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Symptoms of Pancreatitis
Pancreatitis is inflammation of the pancreas, the gland located in the abdomen behind the stomach and next to the small intestine. This gland has two important functions: it releases digestive enzymes into the small intestine to help digest food and also releases the hormones insulin and glucagon, which regulate glucose levels in the bloodstream.
There are two distinct forms of pancreatitis, with different symptoms. Acute pancreatitis develops quickly and resolves relatively quickly when treated promptly. In severe cases, this condition can lead to bleeding, infections, cysts and even damage to major organs such as the heart, kidneys and lungs. The main causes of acute pancreatitis are gallstones, alcohol abuse, various prescription drugs and viral infections.
Chronic pancreatitis is a long term, persistent inflammation that often occurs after an episode of pancreatitis, often triggered by alcohol consumption. Chronic inflammation damages the gland and symptoms may be absent for years. The following symptoms suggest signs and symptoms of pancreatitis:
1. Abdominal Pain
Abdominal pain is severe in acute pancreatitis, and is felt in the upper part of the abdomen, just below the breastbone and may irradiate to the back .If the episode is caused by gallstones the pain develops suddenly and becomes extremely intense within minutes; when alcohol is the trigger, the pain aggravates gradually over a few days. The abdomen is tender and swollen. Pain becomes worse when eating, coughing, moving or deep breathing, while is ameliorated when sitting upright and leaning forward. Overall the pain is sharp and intense requiring strong painkillers (injected opioid drugs).
In chronic pancreatitis the pain can manifest in two patterns which can last for several days; it can be a persistent pain that varies in intensity, and is felt in the upper part of the abdomen; second pattern is characterized by intermittent flare-ups. Over the years, as chronic pancreatitis progresses, more cells are destroyed, and the pain may not be experienced at all in this late stage.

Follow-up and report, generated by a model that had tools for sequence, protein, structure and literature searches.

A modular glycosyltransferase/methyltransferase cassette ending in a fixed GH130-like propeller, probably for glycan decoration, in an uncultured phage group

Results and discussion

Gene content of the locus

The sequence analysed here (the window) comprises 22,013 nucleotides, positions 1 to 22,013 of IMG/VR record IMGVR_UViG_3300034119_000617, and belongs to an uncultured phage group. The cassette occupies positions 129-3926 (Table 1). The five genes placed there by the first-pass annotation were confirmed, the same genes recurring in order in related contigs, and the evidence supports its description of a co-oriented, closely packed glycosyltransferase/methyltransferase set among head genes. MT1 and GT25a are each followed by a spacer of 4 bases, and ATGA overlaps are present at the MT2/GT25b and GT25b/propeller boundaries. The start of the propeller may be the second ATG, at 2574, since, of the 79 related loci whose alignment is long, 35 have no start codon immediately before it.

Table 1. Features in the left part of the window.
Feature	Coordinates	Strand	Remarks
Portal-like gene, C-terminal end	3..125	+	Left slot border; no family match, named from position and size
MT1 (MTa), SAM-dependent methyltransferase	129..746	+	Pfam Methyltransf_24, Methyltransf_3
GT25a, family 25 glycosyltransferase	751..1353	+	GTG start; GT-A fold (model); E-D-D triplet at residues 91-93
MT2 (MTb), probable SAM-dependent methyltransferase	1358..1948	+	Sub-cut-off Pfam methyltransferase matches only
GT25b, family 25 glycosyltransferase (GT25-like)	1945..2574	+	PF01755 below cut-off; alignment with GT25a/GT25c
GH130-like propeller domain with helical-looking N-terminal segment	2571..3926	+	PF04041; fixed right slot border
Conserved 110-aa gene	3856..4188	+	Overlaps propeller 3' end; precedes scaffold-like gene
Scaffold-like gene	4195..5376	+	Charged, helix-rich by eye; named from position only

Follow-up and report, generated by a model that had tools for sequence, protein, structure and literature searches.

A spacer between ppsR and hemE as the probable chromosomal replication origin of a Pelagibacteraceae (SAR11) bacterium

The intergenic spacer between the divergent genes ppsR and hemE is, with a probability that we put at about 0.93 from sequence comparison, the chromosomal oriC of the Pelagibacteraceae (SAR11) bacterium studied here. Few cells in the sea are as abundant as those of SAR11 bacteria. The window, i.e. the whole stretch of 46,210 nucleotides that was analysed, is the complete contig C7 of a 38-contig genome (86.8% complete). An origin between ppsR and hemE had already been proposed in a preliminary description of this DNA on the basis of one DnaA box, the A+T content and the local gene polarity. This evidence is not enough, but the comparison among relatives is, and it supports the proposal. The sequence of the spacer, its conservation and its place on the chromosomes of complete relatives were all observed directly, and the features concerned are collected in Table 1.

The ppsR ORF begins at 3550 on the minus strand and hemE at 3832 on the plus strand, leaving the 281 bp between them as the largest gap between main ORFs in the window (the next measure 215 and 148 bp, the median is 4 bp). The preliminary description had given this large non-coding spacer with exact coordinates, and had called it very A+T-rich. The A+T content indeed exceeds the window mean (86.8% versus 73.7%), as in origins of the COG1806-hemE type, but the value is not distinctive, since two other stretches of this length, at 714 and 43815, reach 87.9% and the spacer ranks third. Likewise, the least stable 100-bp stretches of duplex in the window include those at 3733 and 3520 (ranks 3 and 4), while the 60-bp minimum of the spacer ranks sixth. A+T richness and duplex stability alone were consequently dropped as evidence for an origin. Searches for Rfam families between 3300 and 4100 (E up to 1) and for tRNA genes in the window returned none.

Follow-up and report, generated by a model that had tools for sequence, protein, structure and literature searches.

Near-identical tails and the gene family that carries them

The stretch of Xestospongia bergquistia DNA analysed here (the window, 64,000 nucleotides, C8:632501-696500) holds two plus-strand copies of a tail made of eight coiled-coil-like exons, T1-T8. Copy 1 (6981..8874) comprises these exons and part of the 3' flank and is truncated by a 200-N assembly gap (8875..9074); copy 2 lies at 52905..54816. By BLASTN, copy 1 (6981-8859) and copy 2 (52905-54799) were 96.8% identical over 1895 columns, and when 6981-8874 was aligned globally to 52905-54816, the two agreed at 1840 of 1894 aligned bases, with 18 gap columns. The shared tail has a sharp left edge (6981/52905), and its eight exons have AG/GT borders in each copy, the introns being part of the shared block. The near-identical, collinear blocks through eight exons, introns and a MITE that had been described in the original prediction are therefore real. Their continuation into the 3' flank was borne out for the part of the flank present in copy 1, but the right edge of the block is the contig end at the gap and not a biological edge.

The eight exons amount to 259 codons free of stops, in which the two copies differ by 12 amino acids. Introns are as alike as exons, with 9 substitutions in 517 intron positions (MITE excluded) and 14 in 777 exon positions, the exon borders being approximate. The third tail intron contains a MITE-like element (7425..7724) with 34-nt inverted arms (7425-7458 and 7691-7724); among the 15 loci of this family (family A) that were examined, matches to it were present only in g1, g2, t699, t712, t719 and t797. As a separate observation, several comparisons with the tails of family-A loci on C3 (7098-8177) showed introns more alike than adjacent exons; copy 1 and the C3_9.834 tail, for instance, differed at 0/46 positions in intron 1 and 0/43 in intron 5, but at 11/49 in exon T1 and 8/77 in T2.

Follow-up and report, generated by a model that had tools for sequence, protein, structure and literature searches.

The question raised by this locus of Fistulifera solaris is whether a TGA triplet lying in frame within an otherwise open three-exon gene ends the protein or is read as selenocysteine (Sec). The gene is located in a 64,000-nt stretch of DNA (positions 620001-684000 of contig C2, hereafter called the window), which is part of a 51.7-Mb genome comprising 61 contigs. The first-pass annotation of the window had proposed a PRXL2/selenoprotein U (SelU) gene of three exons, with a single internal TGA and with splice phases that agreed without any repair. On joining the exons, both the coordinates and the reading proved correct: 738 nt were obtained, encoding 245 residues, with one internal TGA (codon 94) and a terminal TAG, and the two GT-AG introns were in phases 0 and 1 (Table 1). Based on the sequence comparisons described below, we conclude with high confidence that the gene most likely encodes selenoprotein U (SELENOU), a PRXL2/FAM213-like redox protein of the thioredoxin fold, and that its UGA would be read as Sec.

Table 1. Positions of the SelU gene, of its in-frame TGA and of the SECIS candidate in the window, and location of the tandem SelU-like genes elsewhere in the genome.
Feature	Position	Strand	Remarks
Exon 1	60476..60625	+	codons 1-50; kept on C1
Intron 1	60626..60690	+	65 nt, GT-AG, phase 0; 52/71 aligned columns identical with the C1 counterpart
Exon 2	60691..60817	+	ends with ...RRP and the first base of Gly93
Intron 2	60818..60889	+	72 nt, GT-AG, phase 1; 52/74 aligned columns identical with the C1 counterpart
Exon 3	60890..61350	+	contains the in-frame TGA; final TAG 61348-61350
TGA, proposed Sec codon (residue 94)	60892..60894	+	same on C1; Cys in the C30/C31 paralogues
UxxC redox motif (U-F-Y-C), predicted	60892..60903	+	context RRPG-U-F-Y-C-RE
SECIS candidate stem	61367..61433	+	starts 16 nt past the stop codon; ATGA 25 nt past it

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2. Nausea and Vomiting
Nausea and vomiting are also severe in acute pancreatitis, and sometimes retching without producing vomit will occur. Vomiting does not relieve the pain, as is the case in other conditions affecting the digestive tract. If the vomiting is severe, dehydration will develop.
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3. Fever and Feeling Very Sick
In acute pancreatitis, fever develops within hours after the pain starts, and can go as high as 100-101 F. The person may feel and look very sick, sweat profusely, experience significant changes in blood pressure (either too high or too low), feel lethargic and confused, and may even lose consciousness. Their pulse rate may go up and their breathing may become rapid.
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The skin and whites of the eyes taking on a yellowish tinge (jaundice) are not uncommon in individuals diagnosed with pancreatitis. It occurs because there is a blockage of the bile duct, so bile cannot get into the gut and leaks into the bloodstream.
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5. Changes in Bowel Movements
Foul smelling, greasy stools are a sign of chronic pancreatitis. Medically known as steatorrhea, these stools are greasy and bulky with a strong odor, and are a sign that food is not being properly broken down or absorbed by the body. The stools are also light colored and contain oil droplets along with undigested pieces of food.
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6. Weight Loss
Weight loss can be seen in both forms of pancreatitis. In acute pancreatitis this is temporary, being caused by severe pain, nausea, vomiting and overall feeling very sick. In chronic pancreatitis, weight loss occurs slowly, worsens over months and years and happens because food is not being properly absorbed.
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7. High Blood Sugar and Diabetes
As many as one third of chronic pancreatitis patients will develop diabetes. The typical signs of diabetes are increased thirst, urination and appetite. Diabetes can complicate chronic pancreatitis because the cells that produce insulin are destroyed.
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8. Abdominal Swelling
Ascites is a condition associated with pancreatitis where fluid collects in the peritoneal cavity, which typically contains little or no fluid. Symptoms of ascites include swelling of the abdomen, which can make breathing difficult.
Another cause of abdominal swelling is ileus, which is when the stomach and parts of the intestine are distended or had been moved out of place by the enlarged pancreas. About 20% of individuals diagnosed with acute pancreatitis can develop this problem.